–       stress related diseases (e.g. high blood pressure, diabetes, cardiac disease, cancer, etc.)

–       chronic pain

–       depression

–       substance addiction

–       insomnia

–       ADHD – attention deficit hyperactivity disorder

–       and many, many more.

But the good news is that mindfulness cannot just be applied in addressing clinical cases, but can also be used by anyone that would simply like to nurture a general sense of well-being and happiness, a positive “side effect” of these types of practices. 




3. With more awareness we can create bigger profits… and save the world

Mindfulness-based approaches started to be applied in organizations to help people in the workplace deal with stress and cultivate their health and well-being. However, something interesting is happening in this arena, with Silicon Valley leading the way with a new way of utilizing mindfulness practices in the workplace. According to a 2013 article from WIRED magazine, “Meditation and mindfulness are the new rage in Silicon Valley. And it’s not just about inner peace – it’s about getting ahead”. Yes, you read it right, getting ahead.

One of the main people “responsible” for this movement is Chade-Meng Tan, an engineer at Google who created a program called “Search Inside Yourself” (SIY). SIY is a program that brings together the latest advancements in neuroscience, with contemplative practices like mindfulness meditation, and is designed to develop the emotional intelligence of its participants. Since its creation, more than 1,000 “googlers” (Google employees) have taken part in the course. There is increasing scientific evidence for the connection between emotional intelligence and performance and, according to Meng, whose job title is “Jolly Good Fellow”, this program can help people increase their productivity, feel happier and… save the world (- Meng’s main goal is to create conditions for world peace during his lifetime). It seems a fairly bold goal but the most interesting thing is that it has really been resonating with thousands of people all over the world who have already bought his book and are applying his teachings to their own lives. The success is so huge that, for the first time in Google’s lifetime, their attorneys allowed for an internally branded product to be made a spin-off without paying royalties to Google, creating the nonprofit and public benefit corporation SIYLI – Search Inside Yourself Leadership Institute, which is now delivering the program to people all over the world.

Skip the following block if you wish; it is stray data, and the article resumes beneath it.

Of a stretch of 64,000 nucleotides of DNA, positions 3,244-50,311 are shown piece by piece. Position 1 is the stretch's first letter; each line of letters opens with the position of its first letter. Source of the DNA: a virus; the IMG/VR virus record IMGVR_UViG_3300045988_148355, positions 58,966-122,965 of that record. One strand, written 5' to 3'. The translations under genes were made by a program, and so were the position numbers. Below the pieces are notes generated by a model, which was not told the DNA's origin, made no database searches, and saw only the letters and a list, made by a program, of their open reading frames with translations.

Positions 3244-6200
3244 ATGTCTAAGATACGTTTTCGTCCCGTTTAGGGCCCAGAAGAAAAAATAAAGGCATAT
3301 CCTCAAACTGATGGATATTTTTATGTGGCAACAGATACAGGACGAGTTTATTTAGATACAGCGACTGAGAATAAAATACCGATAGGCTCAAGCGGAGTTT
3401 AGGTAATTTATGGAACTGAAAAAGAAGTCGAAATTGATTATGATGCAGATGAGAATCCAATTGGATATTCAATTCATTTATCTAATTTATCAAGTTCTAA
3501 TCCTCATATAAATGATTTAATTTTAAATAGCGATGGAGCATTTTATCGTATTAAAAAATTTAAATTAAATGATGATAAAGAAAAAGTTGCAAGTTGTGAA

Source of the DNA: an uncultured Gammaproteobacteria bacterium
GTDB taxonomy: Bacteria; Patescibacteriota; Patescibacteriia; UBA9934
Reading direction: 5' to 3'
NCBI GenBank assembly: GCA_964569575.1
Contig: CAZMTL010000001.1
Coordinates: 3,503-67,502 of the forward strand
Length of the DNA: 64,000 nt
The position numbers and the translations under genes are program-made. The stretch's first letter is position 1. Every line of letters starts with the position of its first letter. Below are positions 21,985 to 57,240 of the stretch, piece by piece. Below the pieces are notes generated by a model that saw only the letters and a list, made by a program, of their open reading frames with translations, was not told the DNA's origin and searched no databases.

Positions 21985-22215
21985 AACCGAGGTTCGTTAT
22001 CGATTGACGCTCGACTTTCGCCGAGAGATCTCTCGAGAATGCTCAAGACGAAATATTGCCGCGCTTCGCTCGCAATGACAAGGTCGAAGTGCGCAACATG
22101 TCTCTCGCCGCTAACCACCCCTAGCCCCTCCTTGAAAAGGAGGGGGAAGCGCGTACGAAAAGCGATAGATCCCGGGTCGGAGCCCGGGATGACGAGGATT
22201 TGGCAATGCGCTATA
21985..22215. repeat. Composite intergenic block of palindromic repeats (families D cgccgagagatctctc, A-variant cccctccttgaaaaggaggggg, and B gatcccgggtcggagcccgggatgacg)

But Google is not the only business case. Several corporations around the world, like General Mills, Genentech, Apple, Sony, and even the US Army, are using mindfulness based approaches to increase their overall performance as well as their employees’ wellbeing. According to Michael Chaskalson, a mindfulness consultant, after an 8-week mindfulness course in the workplace, participants should expect to see the following in themselves:

–       a reduction of stress levels;

–       an increase in levels of emotional intelligence;

–       increased interpersonal sensitivity;

–       higher levels of personal resilience;

–       lower rates of health-related absenteeism;

–       increased self-awareness and awareness of others;

–       enhanced communication skills;

–       increased concentration and attention span;

–       lower levels of impulsivity;

–       a greater capacity to retain and process information;

–       improved sleeping patterns;

–       lower levels of psychological distress, including depression and anxiety;

–       and higher levels of well-being and overall work and life satisfaction.

It seems like “paradise”, doesn’t it? So feel free to send this to your boss, since everyone gains with this mindfulness deal. You’ll feel happier, your team will work better and your company will be more productive.